It has been industry standard for many years that rotation does not effect the performance of the tires.
Changing direction does not cause belt separation in this day and age. And NO this tire is not directional, it is Asymmetrical. I was in passenger, Commercial tire service for over 30 years, so I do know a thing or two. How long were you in the tire field for, you seem to have a wealth of knowledge.
What I do know is the Sumitomo HTR AS P02 tire needed to be put on my rims a certain direction. It's marked on the side of the tire. In my book, that's a directional tire. My tires on all 9 of my vehicles will only ever roll one direction. I will forever believe it improves your chances of not having blowouts. Rotating them every other oil change has kept me buying 4 tires at a time. Never 2. I pride myself in avoiding professional tire salesmen.
Thank you Tire Rack, Simple Tire, Tire Easy and Amazon .com .
 

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What I do know is the Sumitomo HTR AS P02 tire needed to be put on my rims a certain direction. It's marked on the side of the tire. In my book, that's a directional tire. My tires on all 9 of my vehicles will only ever roll one direction. I will forever believe it improves your chances of not having blowouts. Rotating them every other oil change has kept me buying 4 tires at a time. Never 2. I pride myself in avoiding professional tire salesmen.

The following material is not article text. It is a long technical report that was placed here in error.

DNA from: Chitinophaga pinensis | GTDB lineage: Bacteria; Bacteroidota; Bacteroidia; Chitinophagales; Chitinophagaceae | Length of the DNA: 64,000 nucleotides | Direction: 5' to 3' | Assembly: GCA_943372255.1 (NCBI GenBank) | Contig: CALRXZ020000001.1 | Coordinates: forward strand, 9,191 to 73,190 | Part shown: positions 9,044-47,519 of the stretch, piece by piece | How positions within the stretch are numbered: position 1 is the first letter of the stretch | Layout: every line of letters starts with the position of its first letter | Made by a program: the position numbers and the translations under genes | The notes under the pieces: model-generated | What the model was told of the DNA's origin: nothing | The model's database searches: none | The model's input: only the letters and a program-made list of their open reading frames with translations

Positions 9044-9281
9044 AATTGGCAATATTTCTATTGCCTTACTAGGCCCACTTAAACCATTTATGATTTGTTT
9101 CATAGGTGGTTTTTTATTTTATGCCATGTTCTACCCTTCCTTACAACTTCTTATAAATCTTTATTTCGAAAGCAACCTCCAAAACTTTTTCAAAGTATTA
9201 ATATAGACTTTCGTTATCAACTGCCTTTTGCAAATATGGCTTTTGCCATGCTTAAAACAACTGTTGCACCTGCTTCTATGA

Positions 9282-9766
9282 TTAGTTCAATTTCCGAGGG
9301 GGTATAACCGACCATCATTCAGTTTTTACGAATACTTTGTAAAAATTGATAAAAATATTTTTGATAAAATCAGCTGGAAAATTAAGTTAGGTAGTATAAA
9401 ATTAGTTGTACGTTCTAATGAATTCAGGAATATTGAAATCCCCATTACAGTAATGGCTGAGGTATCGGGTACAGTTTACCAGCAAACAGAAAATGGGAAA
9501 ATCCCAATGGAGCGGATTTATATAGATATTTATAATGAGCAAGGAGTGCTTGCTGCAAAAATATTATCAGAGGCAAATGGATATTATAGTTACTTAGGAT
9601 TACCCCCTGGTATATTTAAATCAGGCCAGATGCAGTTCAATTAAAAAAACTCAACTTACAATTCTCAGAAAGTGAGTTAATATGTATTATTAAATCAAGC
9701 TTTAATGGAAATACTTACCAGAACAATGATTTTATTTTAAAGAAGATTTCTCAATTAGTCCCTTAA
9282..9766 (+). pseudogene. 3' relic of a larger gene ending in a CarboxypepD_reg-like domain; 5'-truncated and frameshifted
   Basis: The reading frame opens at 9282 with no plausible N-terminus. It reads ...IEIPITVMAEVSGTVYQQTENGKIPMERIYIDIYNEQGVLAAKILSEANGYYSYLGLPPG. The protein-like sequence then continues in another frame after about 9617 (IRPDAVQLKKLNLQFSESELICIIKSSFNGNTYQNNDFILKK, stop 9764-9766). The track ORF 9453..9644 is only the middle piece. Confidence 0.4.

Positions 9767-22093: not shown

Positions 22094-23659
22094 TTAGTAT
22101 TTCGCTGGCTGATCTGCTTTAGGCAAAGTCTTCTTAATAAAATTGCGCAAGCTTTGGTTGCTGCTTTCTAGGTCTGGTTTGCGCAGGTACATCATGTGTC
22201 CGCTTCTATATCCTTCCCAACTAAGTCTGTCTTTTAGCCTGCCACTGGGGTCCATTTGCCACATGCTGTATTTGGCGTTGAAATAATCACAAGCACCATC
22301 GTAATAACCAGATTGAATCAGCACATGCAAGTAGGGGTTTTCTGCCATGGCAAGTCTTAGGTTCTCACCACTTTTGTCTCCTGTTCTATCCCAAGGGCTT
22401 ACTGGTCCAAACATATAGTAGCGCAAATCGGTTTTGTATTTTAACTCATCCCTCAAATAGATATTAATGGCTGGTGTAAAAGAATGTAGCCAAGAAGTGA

Thank you Tire Rack, Simple Tire, Tire Easy and Amazon .com .
Just to put this out, in no way am I starting a pissing contest. I hope you do not think I am.
It is your ride so if that is how you like it done, more power to you. I was just clarifying myths that you are spreading.
Blowouts are normally caused by very low inflation, the tire heats up then when it gets so hot it just disintegrates.
Tread separation is normally caused by rock drilling or improper repair, where as the steel belts start to rust then break apart. Normally felt at slow speeds, then not as noticeable as speed increases. And Hell no, I was never a salesman.
I did road service for commercial trucks, and if I was slow I would help the passenger boys out. :D
 

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On a lighter note, this is a picture of my Son showing off with a backhoe tire. Probably around 16 years ago.